Phishers snare victims in customised nets


29 July 2006

ComputerScope E-Zine 28/07/06

Phishing attacks are growing more sophisticated and will represent a major security threat in the future as the number of converged spyware, spam and virus attacks grows, according to the chief technology officer of a major e-mail and web security firm.

Mark Sunner of Messagelabs said that researchers at his firm have recently seen phishing attacks that employ information collected from users’ PCs by spyware. The criminals aim to make their scam messages more targeted and effective by using the inside information gained in this way.




“We’re now in the midst of a new level of convergence triggered by the necessity [to make money] from targeted attacks,” Sunner explained. “In 12 months we’ll pinpoint this time as the moment spam and viruses converged with spyware.”

Sunner likened the importance of the development to the period in 2003 which saw “the botnet phenomenon take-off overnight” and the first time that criminals merged spam and viruses with the release of the “Sobig_.A” virus.

“We’re seeing it in an embryonic phase with phishing attacks targeting people who actually use that bank, not a scattergun approach,” Sunner said. “They use the customer’s real name, address and [other details].” He added that as this type of attack becomes more popular, it is likely to bring to a head the issue of banks footing the bill for customers who become victims of phishing fraud.

“You used to be able to educate against phishing attacks but now [they are becoming harder to spot] and it will begin to get under people’s radars,” he said. “The banks’ problem is they don’t know where the customer has been before [and if their PC has been infected with spyware]…but they will cover this cost as long as possible.”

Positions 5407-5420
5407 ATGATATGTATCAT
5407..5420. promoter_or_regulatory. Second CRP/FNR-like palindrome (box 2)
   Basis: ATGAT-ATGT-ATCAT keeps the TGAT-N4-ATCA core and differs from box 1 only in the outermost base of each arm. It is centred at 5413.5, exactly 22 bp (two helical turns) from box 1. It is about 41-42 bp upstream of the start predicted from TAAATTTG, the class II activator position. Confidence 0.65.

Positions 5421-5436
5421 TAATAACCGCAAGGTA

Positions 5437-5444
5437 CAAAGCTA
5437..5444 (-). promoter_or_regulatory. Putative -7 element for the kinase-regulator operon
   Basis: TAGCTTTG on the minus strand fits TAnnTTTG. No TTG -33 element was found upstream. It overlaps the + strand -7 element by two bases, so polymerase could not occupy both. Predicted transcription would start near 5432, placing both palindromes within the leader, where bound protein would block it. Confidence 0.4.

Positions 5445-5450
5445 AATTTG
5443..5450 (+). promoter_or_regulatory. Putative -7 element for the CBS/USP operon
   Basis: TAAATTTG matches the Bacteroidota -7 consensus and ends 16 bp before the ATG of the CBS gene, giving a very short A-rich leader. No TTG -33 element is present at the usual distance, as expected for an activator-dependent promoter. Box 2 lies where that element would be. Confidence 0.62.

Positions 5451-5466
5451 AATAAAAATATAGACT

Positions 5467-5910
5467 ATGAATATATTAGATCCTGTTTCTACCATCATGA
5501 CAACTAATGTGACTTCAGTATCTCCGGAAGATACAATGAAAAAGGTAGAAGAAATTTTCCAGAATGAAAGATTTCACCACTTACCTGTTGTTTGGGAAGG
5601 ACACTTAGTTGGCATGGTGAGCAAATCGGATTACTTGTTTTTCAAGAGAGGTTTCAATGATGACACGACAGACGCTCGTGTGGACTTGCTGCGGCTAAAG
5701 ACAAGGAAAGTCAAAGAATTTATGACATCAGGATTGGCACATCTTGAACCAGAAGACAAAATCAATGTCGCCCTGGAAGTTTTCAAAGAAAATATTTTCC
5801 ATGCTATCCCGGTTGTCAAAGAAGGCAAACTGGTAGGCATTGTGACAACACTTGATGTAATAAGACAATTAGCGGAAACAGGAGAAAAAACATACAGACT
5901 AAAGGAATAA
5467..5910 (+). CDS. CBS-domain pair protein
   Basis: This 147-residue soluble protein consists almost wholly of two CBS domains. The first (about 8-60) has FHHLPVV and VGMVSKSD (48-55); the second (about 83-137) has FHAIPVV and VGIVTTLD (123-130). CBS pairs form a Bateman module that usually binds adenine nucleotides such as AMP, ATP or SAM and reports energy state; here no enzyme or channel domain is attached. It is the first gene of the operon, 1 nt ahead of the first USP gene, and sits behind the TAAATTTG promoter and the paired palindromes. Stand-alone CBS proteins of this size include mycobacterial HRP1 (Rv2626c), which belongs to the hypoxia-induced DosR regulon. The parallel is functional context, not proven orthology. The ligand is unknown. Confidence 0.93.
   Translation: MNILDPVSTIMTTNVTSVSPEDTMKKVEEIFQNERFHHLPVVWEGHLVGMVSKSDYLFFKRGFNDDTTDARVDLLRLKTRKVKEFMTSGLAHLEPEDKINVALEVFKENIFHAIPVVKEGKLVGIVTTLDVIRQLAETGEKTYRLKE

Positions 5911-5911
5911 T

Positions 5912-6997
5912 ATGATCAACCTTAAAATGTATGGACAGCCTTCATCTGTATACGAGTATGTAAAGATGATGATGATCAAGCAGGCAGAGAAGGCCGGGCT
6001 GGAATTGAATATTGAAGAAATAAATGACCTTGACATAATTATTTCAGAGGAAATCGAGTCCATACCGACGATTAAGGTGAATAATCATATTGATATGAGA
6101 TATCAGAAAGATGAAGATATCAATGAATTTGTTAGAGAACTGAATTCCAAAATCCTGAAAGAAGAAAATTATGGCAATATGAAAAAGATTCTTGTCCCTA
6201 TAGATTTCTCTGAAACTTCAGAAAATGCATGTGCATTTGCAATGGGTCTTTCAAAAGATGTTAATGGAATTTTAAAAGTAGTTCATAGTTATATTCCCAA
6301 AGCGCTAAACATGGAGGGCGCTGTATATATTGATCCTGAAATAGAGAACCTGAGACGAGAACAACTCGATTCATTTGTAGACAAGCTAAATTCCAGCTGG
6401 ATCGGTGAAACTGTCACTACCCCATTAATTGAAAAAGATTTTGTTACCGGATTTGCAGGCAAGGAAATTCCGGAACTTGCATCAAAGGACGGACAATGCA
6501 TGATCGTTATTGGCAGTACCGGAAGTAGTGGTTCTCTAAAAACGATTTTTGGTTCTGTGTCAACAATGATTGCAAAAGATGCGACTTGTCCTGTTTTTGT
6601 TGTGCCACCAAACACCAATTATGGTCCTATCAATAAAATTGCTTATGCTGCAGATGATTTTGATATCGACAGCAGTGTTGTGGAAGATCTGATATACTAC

Social networking sites such as Myspace represent a particular risk if criminals also begin to mine them for personal information in the future, to use in similar attacks, Sunner added. He also argued that instant messaging threats could rocket in about a year’s time as the four public IM clients bow to pressure to interoperate, creating one giant messaging ecosystem offering criminals a much more profitable target for attack.

In other news, anti-virus specialist Kaspersky Lab last week released a new report warning that ransomware authors are using increasingly sophisticated encryption algorithms when blackmailing firms. In the future these techniques could even outwit the anti-virus industry, said the firm.

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